Meikles’ mining joint venture collapses


Meikles Limited’s foray into mining faces uncertainty following the withdrawal of its foreign joint venture partner, Centar Limited.

Announcing Meikles’ belated 2016 financials, chairman John Moxon announced that Centar had withdrawn from Zimbabwe.

He did not give reasons behind the move.

“The group’s foreign mining partner has withdrawn from Zimbabwe. The group is in a position to encourage other partners to participate in mining opportunities, but it is felt that the appropriate timing of any further involvement is not yet clear,” said Moxon, whose group operates hotels, supermarkets, department stores and tea firm Tanganda.

Meikles partnered Centar in 2012 to establish Meikles Centar Mining (MCM), saying the firm had identified opportunities in gold, chrome, tungsten, tantalite and iron ore mining.

In December 2014, Moxon announced that MCM, in which Meikles held a 51 percent share with Centar holding the balance, had received approvals from the central bank and the indigenisation ministry. 

Meikles yesterday concurrently released its financial results for the financial year to March 2016 as well as the half year to September 2016, following delays caused by its dispute with the Zimbabwe Stock Exchange over the quantum of the debt the group is owed by the government.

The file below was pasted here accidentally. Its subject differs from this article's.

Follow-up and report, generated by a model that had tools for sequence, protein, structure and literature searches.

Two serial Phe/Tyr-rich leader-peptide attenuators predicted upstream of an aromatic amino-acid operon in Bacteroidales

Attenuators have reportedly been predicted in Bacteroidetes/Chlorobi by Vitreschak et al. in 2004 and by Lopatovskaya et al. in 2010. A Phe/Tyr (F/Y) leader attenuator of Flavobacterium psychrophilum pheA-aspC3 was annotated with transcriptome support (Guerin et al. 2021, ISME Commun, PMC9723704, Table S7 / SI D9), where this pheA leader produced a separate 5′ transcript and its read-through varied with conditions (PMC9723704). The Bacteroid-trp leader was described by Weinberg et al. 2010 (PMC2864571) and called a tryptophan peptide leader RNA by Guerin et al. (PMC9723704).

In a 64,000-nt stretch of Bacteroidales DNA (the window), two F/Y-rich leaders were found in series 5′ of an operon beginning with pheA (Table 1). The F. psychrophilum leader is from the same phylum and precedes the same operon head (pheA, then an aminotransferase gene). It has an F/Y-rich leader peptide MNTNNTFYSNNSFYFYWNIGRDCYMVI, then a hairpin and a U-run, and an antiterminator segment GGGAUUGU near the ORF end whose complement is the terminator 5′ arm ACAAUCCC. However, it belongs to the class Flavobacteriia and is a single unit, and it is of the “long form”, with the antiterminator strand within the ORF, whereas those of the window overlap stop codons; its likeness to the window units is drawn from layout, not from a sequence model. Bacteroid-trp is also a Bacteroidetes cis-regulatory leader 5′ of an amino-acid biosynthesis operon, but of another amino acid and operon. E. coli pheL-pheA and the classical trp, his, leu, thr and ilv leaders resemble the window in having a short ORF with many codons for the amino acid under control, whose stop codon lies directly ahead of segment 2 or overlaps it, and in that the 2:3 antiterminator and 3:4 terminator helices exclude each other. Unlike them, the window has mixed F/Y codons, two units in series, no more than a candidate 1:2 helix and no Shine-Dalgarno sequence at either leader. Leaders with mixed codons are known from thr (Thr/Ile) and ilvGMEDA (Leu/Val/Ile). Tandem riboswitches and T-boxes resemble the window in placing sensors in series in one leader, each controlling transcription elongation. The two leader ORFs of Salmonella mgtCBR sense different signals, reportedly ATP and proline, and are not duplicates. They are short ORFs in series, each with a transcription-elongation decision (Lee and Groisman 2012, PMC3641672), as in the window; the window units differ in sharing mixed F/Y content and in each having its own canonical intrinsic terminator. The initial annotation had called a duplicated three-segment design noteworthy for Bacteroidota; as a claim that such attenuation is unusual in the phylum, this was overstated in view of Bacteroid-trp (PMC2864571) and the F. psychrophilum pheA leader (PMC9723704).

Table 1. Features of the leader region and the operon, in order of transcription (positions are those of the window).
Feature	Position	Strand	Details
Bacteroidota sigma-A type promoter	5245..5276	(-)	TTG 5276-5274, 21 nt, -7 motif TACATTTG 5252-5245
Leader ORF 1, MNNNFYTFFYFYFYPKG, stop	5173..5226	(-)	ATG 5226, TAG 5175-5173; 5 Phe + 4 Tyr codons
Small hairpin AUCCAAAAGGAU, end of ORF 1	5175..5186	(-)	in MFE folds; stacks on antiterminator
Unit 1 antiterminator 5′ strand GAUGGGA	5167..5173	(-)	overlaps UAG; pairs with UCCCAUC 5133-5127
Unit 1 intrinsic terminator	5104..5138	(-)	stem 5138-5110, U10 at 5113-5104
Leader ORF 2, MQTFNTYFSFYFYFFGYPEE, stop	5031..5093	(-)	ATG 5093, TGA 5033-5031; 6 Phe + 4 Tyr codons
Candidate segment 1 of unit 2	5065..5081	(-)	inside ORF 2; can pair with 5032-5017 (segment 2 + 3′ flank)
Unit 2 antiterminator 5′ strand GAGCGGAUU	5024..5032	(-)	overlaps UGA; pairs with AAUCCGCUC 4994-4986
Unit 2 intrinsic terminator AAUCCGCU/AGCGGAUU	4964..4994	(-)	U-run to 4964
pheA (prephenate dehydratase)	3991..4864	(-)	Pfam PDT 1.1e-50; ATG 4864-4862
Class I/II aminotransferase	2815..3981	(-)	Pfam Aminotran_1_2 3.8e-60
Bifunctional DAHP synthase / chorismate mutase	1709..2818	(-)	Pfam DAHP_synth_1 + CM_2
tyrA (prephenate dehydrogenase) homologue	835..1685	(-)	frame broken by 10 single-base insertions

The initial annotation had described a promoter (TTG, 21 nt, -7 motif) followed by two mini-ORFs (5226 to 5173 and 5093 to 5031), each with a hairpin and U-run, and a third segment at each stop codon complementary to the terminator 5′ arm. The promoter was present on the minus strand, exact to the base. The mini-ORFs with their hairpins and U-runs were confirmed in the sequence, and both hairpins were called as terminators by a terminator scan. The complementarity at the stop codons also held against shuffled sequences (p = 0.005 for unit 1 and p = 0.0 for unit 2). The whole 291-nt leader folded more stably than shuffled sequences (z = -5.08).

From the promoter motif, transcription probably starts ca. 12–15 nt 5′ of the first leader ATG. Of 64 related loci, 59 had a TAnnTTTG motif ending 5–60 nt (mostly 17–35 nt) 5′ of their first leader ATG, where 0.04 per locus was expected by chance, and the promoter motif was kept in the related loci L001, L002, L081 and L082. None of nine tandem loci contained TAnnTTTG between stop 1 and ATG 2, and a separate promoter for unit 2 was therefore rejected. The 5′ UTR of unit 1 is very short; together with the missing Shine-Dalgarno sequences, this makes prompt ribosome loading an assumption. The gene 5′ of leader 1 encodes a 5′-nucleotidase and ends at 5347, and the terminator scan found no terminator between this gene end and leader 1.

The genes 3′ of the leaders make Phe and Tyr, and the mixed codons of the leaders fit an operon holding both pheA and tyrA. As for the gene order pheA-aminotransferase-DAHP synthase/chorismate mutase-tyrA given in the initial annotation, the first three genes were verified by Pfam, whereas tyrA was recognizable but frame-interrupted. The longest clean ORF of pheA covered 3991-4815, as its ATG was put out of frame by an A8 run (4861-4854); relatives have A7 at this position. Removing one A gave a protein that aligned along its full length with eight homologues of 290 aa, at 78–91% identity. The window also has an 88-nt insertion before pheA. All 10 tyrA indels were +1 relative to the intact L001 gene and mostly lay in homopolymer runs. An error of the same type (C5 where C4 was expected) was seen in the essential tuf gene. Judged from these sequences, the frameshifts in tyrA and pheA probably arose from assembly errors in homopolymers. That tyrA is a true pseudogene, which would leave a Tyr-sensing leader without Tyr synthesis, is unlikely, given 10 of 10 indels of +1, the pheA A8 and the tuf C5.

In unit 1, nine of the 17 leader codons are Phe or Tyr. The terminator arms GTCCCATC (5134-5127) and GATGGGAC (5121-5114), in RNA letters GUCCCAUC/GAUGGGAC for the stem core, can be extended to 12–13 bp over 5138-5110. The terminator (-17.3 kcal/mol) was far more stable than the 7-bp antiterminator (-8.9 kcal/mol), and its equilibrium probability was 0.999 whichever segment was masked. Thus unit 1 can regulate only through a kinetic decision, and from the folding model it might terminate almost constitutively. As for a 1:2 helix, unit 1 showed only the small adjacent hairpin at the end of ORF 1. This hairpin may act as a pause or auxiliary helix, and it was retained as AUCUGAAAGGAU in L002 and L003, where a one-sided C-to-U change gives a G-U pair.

The ZSE briefly suspended Meikles in February 2015 amid allegations the company had inflated the government debt.

Meikles retaliated with a $50 million lawsuit against the ZSE.

Meikles has since indicated it might delist from the ZSE and put out a March 9 cautionary statement announcing plans to restructure the group.

The government’s debt to Meikles arises from a $40 million deposit placed by the group with the central bank after its 1996 initial public offering.

Resolution of the protracted debt issue has been held back by significant differences in how much the government owes Meikles now.

The financials released yesterday, in which Meikles reported total comprehensive losses of $8 million (from $47 million FY2015) for the full year to March 2016 and $841 000 (versus $894,000 in HY2015), did not include the $42 million (excluding interest) which Meikles says government owed it as of September 2016.

“The basis for the calculation of sums due from government have been agreed in more than one meeting that the company chairman and others, together, have attended with the Minister of Finance and Economic Development,” Moxon said.

“The calculation of sums due have been subject to assessment by expert consultants.”

Revenue increased by 9.7 percent from $413,3 million in the previous year to $453,6 million while operating profit improved to $2,05 million from a $10,4 million  operating loss recorded in the previous year. –The Source


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Charles Rukuni
The Insider is a political and business bulletin about Zimbabwe, edited by Charles Rukuni. Founded in 1990, it was a printed 12-page subscription only newsletter until 2003 when Zimbabwe's hyper-inflation made it impossible to continue printing.


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